Emerald Ash Borer
On a warm spring night, Anoka County homeowners are indoors, spending an evening learning about an insect that’s invading their property.
The Minnesota Department of Agriculture has confirmed an emerald ash borer infestation in Anoka County. It says the destructive tree pest was found in an ash tree on private property in the city of Ham Lake.
Since she was a child, the giant ash tree that towered over Rebecca Robinson’s small home offered a cool refuge during sultry Midwest summer days. It was the same down her tree-lined neighborhood’s block and throughout much of Waterloo, a leafy Iowa city that’s home to about 4,000 ashes.
Over the next eight years, the city of Minneapolis plans to remove about 40,000 ash trees from around the city in order to combat the Emerald Ash Borer, a tiny green bug that’s responsible for taking down trees that have stood for decades.
Minnesota officials have confirmed trees in Olmsted County are infested with the destructive emerald ash borer. The state Department of Agriculture said Wednesday the county will join Hennepin, Houston, Ramsey and Winona counties in a state and federal quarantine to prevent the infestation from spreading.
Emily from St. Cloud wants to know what happens to all the sandbags after the flooding is over? If the sand isn’t contaminated with floodwater, it can be used as fill for things like playgrounds and sidewalks. But in most cases, the sand is contaminated.
Over the next eight years, Minneapolis will remove 40,000 ash trees from parks and boulevards, part of a $9-million initiative that began in January to eliminate the emerald ash borer. The beetle has killed millions of trees in the U.S., and has invaded neighborhoods across the Twin Cities. Ralph Sievert, director of forestry for the Minneapolis Park and Recreation Board, says the idea is to phase them out over a period of time.
Minnesota officials reported success Wednesday in the battle to slow the spread of emerald ash borers, saying stingless wasps released in Great River Bluffs State Park near Winona two years ago are reproducing, which is evidence they’re attacking the destructive tree pests.
Before you head to the cabin this 4th of July, the Minneapolis Park Board has an important message. Do not bring any wood you may have chopped from downed trees. They say this is imperative in their fight to stop the spread of Emerald Ash Borer.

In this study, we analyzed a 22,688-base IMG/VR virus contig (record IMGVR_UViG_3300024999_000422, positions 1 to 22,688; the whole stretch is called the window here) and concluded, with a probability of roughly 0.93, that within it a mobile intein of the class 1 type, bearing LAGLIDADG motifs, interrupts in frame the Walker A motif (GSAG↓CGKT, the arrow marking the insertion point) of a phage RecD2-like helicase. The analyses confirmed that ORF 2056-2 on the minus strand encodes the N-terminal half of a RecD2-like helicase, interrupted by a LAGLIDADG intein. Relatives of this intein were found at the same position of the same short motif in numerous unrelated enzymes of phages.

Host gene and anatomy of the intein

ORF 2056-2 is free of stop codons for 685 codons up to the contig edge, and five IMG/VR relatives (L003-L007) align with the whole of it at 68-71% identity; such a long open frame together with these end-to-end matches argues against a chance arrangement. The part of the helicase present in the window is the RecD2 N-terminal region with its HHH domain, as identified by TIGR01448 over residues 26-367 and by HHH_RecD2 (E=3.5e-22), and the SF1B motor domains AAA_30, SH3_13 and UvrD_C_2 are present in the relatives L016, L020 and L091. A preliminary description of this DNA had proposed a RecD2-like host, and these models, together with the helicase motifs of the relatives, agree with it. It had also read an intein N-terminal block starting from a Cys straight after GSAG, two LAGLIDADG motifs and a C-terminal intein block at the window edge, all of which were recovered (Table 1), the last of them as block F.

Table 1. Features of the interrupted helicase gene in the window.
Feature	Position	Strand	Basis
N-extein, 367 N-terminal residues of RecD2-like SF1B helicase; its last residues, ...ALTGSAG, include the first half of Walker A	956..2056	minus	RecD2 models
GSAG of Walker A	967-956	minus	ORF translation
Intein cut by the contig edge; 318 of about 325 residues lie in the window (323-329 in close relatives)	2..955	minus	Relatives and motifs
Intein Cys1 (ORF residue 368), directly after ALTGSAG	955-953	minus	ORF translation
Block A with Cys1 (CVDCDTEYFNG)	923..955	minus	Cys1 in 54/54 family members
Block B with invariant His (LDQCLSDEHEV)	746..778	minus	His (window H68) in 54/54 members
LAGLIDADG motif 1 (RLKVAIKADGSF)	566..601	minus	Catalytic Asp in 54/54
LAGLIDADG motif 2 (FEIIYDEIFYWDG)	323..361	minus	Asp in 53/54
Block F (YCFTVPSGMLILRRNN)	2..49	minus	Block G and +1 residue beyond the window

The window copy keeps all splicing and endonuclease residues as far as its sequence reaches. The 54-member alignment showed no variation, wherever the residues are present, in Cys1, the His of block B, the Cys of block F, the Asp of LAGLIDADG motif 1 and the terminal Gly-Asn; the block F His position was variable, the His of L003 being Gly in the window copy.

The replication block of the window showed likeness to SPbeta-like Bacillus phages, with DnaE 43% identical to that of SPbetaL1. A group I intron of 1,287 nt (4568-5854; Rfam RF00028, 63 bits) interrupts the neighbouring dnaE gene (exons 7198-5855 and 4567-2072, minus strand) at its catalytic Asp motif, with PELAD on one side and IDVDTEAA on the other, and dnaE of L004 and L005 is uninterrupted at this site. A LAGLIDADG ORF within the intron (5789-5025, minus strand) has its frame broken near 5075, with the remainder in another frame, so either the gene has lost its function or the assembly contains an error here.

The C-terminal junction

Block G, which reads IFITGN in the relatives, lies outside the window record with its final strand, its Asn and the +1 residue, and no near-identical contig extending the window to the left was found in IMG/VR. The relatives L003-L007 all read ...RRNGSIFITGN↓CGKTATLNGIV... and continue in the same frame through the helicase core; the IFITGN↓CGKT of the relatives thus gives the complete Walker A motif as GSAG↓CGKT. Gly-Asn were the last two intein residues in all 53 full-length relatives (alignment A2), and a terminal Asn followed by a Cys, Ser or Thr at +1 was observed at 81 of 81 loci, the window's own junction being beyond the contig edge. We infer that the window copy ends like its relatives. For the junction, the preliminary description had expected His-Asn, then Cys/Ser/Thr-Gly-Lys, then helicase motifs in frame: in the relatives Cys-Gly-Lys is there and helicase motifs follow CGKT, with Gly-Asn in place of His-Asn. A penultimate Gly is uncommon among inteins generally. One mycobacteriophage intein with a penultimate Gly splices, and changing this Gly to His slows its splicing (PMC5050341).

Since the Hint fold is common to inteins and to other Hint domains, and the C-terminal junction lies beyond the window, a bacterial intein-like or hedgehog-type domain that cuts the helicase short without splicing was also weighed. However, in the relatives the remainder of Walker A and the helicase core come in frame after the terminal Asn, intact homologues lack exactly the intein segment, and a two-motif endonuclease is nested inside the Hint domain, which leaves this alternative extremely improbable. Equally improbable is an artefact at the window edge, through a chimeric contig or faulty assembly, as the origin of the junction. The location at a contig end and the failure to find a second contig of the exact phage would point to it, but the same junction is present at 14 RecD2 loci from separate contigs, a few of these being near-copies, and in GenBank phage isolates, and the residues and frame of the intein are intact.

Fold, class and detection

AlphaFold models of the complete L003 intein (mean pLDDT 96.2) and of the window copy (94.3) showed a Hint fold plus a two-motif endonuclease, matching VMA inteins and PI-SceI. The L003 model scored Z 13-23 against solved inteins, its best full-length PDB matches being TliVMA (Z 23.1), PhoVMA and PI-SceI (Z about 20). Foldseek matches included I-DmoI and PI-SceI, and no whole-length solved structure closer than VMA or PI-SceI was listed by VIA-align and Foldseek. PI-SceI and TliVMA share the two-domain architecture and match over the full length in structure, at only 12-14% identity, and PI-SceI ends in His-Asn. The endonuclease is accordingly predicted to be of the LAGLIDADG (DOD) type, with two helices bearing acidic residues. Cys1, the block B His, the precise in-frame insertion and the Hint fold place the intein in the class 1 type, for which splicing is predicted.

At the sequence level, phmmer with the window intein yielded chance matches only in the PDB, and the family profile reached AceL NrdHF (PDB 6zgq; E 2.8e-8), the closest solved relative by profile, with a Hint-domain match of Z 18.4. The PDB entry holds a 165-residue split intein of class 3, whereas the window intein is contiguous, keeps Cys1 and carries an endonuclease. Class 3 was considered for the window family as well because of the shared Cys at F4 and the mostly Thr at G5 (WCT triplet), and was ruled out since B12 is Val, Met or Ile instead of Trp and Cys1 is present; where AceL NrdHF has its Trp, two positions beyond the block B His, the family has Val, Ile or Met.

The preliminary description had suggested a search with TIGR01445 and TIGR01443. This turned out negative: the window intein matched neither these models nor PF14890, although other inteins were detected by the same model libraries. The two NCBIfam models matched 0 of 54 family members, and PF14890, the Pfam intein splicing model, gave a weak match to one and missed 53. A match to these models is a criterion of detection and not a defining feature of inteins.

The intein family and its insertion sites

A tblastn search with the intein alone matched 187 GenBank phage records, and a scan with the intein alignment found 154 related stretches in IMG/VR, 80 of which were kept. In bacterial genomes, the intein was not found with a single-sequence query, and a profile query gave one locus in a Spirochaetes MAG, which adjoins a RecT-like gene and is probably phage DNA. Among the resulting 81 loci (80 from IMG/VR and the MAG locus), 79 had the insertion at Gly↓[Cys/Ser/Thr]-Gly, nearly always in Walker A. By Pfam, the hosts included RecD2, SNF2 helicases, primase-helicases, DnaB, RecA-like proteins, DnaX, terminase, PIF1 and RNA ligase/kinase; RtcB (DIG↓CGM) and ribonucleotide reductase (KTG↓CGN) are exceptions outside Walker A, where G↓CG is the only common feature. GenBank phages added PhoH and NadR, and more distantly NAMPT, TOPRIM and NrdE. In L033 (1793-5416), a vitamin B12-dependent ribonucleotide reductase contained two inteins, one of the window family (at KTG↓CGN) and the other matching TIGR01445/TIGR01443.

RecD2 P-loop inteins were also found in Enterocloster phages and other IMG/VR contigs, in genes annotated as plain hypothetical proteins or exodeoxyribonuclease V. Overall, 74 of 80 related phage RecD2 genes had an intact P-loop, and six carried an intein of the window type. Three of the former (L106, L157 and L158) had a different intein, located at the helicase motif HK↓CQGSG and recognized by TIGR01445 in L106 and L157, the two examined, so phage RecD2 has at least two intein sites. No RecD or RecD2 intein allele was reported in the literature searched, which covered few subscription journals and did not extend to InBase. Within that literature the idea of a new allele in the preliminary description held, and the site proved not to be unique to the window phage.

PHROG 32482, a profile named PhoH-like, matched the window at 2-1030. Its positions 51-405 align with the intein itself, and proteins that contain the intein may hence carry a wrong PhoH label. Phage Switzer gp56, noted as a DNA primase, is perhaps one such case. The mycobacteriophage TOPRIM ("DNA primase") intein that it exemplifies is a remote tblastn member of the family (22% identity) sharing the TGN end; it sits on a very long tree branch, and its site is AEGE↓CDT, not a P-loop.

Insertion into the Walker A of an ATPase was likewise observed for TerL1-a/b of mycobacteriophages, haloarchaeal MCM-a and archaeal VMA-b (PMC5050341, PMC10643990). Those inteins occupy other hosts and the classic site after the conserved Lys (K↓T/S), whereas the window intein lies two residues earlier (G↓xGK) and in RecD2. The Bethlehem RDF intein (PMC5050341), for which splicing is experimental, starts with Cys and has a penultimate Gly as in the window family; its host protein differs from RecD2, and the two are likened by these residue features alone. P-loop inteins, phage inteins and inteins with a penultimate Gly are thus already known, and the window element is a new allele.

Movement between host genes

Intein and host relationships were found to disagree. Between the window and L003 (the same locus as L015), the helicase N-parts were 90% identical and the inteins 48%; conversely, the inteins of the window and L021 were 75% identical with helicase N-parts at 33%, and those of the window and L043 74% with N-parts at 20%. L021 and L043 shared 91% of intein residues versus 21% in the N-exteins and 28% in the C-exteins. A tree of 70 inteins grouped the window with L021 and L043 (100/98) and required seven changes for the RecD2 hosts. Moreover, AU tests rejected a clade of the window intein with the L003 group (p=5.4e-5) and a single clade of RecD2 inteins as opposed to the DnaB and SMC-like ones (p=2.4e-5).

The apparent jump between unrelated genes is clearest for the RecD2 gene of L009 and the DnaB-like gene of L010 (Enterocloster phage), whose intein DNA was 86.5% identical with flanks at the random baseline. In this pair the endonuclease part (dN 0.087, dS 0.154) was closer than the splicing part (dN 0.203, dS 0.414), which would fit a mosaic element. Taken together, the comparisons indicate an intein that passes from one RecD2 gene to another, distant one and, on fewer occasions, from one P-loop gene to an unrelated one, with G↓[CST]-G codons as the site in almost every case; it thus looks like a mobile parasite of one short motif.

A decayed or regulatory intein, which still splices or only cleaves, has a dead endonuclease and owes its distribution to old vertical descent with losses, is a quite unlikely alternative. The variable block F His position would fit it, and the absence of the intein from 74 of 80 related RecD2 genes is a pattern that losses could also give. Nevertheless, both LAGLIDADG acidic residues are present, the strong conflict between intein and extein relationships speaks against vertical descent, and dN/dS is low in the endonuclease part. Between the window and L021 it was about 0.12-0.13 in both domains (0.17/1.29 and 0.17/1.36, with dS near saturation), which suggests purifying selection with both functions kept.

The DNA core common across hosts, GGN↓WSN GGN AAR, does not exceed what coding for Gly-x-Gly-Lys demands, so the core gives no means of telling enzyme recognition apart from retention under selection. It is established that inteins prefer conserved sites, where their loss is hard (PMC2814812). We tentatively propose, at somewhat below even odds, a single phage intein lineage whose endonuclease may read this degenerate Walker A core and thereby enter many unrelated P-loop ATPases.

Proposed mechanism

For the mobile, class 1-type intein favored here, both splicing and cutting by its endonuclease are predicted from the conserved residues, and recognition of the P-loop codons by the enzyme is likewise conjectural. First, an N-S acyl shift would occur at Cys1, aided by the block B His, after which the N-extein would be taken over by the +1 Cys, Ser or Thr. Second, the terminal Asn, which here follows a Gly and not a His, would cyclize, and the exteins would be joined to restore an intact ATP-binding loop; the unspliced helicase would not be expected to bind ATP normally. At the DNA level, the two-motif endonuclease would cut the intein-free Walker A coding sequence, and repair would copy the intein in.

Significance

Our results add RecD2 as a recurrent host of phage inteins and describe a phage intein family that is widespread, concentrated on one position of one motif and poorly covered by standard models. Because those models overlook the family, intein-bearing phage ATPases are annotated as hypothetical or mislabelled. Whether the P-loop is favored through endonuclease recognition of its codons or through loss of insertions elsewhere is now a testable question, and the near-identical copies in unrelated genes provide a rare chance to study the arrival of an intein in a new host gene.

Gov. Mark Dayton has proclaimed this week Emerald Ash Borer Awareness Week in Minnesota. The designation is part of a nationwide effort to raise awareness of the destructive nature of the tree pests, and to spread the word about the “three P’s of EAB” — Prepare, Protect, and Plant.
Minneapolis officials are warning homeowners against pruning their ash trees.
Three new emerald ash borer infestations have been confirmed – one in Minneapolis, and two in St. Paul, says the Minnesota Department of Agriculture.
Jason DeRusha replies to your cold weather questions.
An infestation of Emerald Ash Borer looks to dramatically alter the look of Fort Snelling Golf Club. Crews with the city’s Park and Recreations Board were scheduled to begin removing about 200 ash trees from the golf course on Monday.
The emerald ash borer has found its way into La Crescent, Minn.
Minnesota is plotting its next steps in the fight to stop the spread of emerald ash borers.
At the University of Minnesota they’re studying small wasps to see if they’ll survive a Minnesota winter.
Experts will be gathering in La Crosse this week to share the latest information on invasive species.
The winner of Thursday’s Celebrity Butter Carving Contest at the Minnesota State Fair? WCCO’s very own, Rachel Slavik of course. She effortlessly churned out a replica TV and WCCO 4 logo for the title.
The tree-killing pest – the emerald ash borer – has done serious damage to trees at a local golf course. A new case, the first in 2012, was discovered at Fort Snelling Golf Club near the airport in Hennepin County.
The Minnesota Department of Agriculture hopes trained sniffer dogs can become a new line of defense against the invasive pests, which threaten ash trees across the state and across the country.
Minnesota agriculture officials are encouraged by the initial results of a new way to find emerald ash borers.
In Minnesota, emerald ash borers usually strike the first of May, but not this year. They’re actually striking now. Our warm spring has brought the tree killing beetle earlier than usual.
The Minnesota Department of Agriculture is preparing to hang thousands of traps across Minnesota in the hunt for emerald ash borer.
The Minnesota Department of Agriculture has issued new rules meant to stop the spread of the emerald ash borer.